Tuesday, June 5, 2012

Marc Faber: 'Vicious Spiral' Will Hit U.S. Profits

MON 04 JUN 12 | 07:03 AM ET

Marc Faber of "The Gloom, Boom & Doom Report," tells CNBC in this "Squawk Box" excerpt that he thinks Europe is already in a recession and China's growth is much slower than most believe. He expects U.S. corporate profits will be hit by a global slowdown.

Some people just can't be saved

An amazing anti-gold article in the share owners bible The Wall Street Journal. My comments are in italics.

How Much Gold Do Investors Need? Zero Should Suffice

Original Source
After sliding 6% in May, the price of gold jumped 3.7% on Friday. Skeptics say it is a temporary rise in a longer downturn. Fans of the metal say it is the start of another glorious run. (and the S&P500 has made nothing YTD)

Picking a side is pointless. Gold defies efforts to calculate its worth—or even to describe how it behaves as an investment. That means there isn't a clear reason to invest in it. (what just because you can't plug in some variables into an equation to get a mark-to-model price doesn't mean it isn't worth holding. I challenge anyone to "value" a Picasso, but I would still like to own one.)

If you must own some gold to sleep better, stick with a multivitamin approach: A little bit won't hurt. A lot can prove toxic. (how can buying a physical asset that has never fallen to zero, kept it's purchasing power over millenia and cannot be created by man be toxic? Toxic is the 3,800 fiat currencies that have failed since 406BC).

Gold is prone to long booms and busts (yes as priced in fiat dollars, maybe the Gold value never changes and it is the fiat that it is priced in is the item that has booms and busts). Before its latest dip, it multiplied five times in value over a decade, mocking stocks and other investments. (hell yeah, bet you didn't join the ride starting 11 Sep 2001) Before that, it lost money for 20 years (of course, real interest rates were positive, making holding gold expensive relative to cash at risk. We no longer have that situation with zero percent interest rates). Some investors look to gold as a safe haven. (not some, lots. Just ask one of the 92 million Vietnamese).  It is one—but only when it wants to be. Just over two years ago, when investors learned that Greece's deficits were much larger than officials there had reported, the metal followed U.S. Treasurys higher while Greek government bonds crashed.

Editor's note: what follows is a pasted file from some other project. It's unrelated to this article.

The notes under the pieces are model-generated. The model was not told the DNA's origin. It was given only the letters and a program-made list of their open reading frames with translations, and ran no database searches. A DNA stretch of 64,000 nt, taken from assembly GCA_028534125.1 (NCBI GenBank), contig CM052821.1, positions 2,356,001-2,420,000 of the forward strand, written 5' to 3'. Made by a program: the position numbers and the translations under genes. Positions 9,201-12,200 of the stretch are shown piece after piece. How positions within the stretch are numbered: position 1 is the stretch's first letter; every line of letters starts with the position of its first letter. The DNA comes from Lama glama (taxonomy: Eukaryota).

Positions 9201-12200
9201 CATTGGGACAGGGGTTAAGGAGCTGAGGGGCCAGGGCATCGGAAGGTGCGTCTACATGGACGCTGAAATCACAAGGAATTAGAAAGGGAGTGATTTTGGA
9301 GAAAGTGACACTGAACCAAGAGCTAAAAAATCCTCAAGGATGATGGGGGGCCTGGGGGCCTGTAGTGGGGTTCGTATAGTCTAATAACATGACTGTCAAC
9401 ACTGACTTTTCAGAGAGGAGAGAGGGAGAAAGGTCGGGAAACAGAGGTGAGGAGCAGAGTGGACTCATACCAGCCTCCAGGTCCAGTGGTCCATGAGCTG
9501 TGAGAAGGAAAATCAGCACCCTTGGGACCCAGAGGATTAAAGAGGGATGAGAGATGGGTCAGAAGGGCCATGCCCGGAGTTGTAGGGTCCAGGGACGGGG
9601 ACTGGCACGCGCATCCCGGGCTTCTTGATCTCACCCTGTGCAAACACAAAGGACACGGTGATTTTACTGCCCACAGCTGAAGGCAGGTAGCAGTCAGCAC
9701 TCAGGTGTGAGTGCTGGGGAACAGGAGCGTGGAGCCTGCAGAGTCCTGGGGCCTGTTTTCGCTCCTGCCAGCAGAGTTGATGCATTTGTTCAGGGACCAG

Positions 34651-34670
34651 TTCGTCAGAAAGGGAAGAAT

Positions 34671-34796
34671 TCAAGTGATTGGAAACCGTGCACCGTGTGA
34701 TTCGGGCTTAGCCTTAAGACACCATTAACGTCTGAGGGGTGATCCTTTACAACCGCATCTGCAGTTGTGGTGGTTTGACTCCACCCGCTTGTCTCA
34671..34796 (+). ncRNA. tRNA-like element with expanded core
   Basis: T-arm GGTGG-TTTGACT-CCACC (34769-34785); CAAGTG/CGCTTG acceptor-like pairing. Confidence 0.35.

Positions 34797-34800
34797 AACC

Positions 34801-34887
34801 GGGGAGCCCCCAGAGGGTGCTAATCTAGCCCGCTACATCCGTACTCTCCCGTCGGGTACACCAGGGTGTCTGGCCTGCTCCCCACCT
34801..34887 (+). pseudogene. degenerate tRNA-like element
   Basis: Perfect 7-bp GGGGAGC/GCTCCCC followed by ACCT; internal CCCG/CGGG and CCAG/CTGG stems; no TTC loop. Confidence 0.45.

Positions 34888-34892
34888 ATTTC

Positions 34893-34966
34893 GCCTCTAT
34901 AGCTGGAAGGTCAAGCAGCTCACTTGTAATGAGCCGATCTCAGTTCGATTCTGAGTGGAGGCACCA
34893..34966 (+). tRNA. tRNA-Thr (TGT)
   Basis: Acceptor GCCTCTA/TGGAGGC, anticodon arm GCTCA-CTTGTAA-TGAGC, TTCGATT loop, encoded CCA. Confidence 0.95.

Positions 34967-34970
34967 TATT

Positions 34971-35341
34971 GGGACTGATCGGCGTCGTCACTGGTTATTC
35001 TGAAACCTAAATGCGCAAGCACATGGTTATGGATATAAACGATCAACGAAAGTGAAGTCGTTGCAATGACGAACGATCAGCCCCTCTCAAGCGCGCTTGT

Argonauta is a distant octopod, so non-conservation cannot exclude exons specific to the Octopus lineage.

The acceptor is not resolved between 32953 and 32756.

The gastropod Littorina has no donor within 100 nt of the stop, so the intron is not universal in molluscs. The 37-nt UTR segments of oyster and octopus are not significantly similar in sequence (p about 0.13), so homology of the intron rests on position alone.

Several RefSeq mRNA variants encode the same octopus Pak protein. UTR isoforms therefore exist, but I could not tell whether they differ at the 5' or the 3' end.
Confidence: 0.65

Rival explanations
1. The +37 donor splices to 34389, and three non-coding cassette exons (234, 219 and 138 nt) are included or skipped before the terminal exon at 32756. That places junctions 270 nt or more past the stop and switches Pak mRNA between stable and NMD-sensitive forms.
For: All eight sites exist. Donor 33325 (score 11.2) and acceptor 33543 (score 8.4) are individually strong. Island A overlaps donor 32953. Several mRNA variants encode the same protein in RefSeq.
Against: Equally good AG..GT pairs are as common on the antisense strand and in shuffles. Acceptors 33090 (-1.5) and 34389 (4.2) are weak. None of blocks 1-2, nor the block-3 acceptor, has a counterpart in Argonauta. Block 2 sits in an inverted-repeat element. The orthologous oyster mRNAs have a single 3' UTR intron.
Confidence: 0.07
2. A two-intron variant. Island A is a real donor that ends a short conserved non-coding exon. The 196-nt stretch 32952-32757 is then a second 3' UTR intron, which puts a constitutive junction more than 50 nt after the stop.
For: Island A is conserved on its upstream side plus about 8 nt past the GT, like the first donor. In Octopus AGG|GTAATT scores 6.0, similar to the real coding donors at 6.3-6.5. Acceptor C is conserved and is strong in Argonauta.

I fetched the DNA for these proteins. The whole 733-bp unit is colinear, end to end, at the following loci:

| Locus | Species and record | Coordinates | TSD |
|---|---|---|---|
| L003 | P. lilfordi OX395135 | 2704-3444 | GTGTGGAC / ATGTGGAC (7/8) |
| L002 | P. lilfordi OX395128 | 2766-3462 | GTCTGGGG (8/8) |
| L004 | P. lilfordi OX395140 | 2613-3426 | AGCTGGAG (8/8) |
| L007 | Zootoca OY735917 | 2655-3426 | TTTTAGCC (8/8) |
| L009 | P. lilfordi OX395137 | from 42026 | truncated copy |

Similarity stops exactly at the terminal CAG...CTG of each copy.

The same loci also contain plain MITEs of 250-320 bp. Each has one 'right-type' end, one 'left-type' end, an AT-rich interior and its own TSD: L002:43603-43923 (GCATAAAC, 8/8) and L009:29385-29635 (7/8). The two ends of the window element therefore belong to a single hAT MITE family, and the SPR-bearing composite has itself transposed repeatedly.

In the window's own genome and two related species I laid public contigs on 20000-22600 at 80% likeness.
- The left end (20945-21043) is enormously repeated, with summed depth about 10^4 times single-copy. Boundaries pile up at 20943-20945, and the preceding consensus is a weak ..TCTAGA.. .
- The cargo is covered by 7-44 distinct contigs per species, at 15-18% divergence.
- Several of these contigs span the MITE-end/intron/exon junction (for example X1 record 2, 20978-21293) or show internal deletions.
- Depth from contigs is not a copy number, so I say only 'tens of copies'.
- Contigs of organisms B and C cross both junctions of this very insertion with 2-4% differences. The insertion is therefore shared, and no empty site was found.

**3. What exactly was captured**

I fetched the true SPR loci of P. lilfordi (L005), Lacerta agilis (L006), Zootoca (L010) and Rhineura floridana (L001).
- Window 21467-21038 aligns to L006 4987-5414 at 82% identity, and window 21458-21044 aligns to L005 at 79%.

Yet last month, with Greece's fiscal crisis intensifying, Greek government bonds again tumbled while U.S. Treasurys rose, but this time investors dumped gold. (only brain dead US day traders and weak hands. As mentioned before did Gold fall or did the US fiat rise?)

To study how gold behaves, we asked FactSet Research Systems to analyze the metal's short-term correlation with two other investments: the 10-year Treasury note, representing safe havens, and the Standard & Poor's 500 stock index, representing risk.

"Correlation" is a measure of how closely two assets track each other. A reading of 1.0 means they trade in lock-step, while zero means they are independent and a reading of minus-1.0 means they act like opposites.

What did FactSet find? Chaos. The correlation between gold and the 10-year Treasury has jumped above 0.6 at some points over the past five years and has fallen below minus-0.8 during others, changing direction several times. The one between gold and stocks has had similar spasms, with the highs topping 0.9.

In other words, gold might suffer from a multiple personality disorder.

Some investors say gold is a hedge against inflation. That is true of any good or service that consumers can be counted on to want in coming years, such as oil or poultry farms. Gold's wild swings have made it a poor proxy for the consumer-price index, a key inflation measure. (and the price of Oil hasn't moved wildly? - Much easier to hold an 1oz of gold than 20 barrels of crude oil)

Perhaps that is because only 12% of gold's demand comes from industrial applications, according to the World Gold Council, a trade group. The rest comes from jewelry and investment (and the divide between those two isn't always clear).